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NC Music Icon’s Handgun Returned Over 43 Years After Theft

GREENSBORO, N.C. (AP) — Forty-three years is a long time to wait to recover stolen property, but that’s how long it took for a Madison County music legend.

On April 15, Sheriff Buddy Harwood presented Bobby Hicks with the gun that Hicks had lost in 1978 in Greensboro. Hicks is a Marshall resident and former fiddler with bluegrass music titan Bill Monroe.

Harwood returned the handgun, a Browning Hi-Power .9mm short cartridge, after a Greensboro Police Department detective called and told him of the find.

The weapon was identified at a pawn shop in Greensboro, according to Harwood.

“Bobby called and said, ‘Can you help me get this gun? I don’t want to drive to Greensboro,’ Harwood said. “So I called the Greensboro Evidence Section (PD) , and they said, ‘Sure, sheriff. We’ll get you the gun.

According to Harwood, when he called the GPD office to set up a meeting to get the gun transported to Madison County, he urged the staff receptionist to explore some of Hicks’ games, as she didn’t know him. .

“The woman answered the phone and I said, ‘You haven’t heard of Bobby Hicks? Why not google it. He has 10 Grammys. He has them in his house keeping his doors open,” Harwood said. “She said, ‘I’ll mail this gun to you, Sheriff.’ So I received it (April 14). You’re talking about a legend reclaiming a legend. This gun was made in the 1930s.”

While 43 years may seem like a long time to some, it wasn’t long enough for the local music legend to forget about the incident.

“I never forget anything that someone stole from me,” Hicks said. “I had it on the headboard of my bed. Whoever took it knew where it was. It was the only thing I was missing.”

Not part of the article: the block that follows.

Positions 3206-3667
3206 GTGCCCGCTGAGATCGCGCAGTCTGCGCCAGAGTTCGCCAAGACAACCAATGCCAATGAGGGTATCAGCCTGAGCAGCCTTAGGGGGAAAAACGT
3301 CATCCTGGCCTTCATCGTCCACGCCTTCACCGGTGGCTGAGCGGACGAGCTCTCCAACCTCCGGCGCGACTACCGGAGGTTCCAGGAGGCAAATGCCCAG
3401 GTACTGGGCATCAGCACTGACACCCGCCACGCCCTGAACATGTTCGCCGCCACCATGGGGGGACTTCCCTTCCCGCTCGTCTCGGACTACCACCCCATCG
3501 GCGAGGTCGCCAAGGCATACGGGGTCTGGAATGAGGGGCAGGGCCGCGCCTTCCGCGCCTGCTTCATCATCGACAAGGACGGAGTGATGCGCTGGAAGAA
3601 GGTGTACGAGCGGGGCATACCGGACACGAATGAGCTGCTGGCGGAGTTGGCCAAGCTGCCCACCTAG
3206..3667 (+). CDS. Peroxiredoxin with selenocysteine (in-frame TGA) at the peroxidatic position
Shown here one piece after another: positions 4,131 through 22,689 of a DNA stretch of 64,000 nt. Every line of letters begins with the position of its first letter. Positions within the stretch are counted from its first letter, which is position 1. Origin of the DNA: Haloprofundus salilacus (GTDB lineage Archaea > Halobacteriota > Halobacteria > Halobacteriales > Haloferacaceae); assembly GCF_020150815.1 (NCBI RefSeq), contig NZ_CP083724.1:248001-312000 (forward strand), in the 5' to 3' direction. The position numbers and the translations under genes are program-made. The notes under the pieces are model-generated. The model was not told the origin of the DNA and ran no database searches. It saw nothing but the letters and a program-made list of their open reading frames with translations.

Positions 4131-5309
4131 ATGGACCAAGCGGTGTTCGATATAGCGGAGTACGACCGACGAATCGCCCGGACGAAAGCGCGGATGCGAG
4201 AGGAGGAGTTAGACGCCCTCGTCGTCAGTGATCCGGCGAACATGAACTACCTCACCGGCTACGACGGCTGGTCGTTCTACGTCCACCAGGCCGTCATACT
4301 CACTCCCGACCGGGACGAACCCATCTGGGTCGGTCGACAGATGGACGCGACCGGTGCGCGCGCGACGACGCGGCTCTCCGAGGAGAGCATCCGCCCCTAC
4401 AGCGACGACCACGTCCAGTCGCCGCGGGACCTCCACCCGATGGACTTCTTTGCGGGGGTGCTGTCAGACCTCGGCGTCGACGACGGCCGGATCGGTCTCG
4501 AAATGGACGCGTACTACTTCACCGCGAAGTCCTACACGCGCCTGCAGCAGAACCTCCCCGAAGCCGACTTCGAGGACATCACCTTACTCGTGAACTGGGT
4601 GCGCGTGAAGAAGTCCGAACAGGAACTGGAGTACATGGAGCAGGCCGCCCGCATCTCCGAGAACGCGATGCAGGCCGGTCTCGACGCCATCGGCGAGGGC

While authorities are still investigating who broke into Hicks’ home and stole his gun, the musician said he suspects it was stolen by someone close to him.

“I had two adult Doberman claws in my house,” Hicks said. “It was one of the older houses, where the bottom half of the back door is wood, the top half is glass. They broke that window, and one of my Dobermans had glass in his fur. So it had to be someone I knew, who knew those dogs, because they would have eaten him.

According to the sheriff, the gun has a resale value of $600 to $700.

Hicks said he bought it for a lot less than that, though.

“I bought it for $20,” the 10-time Grammy winner said. “I was playing at a dance hall in Reno, Nevada. This guy was in there, and he was an alcoholic. He needed a drink, and he had no money. But he had this gun I didn’t know he had it until he offered it to me for anything I wanted to give him, I gave him a 20 dollar bill and put it in my pocket.

Harwood said the nearly 44-year period between the theft and his return speaks to the meticulous records of the firearms law enforcement uses.

“It was in 1978 that his house was broken into,” Harwood said. “Someone has kept good hot files all these years, because you have to validate them every 30 to 60 days. When you register a firearm, it is registered in what is called a hot file. Someone keeps good records in Greensboro.

With the gun in his possession, Hicks said he would return to his safe with his other guns.

Hicks said his animals would deter any potential intruders if someone tried to take it back from him again.

“I have three dogs in the house now,” he said.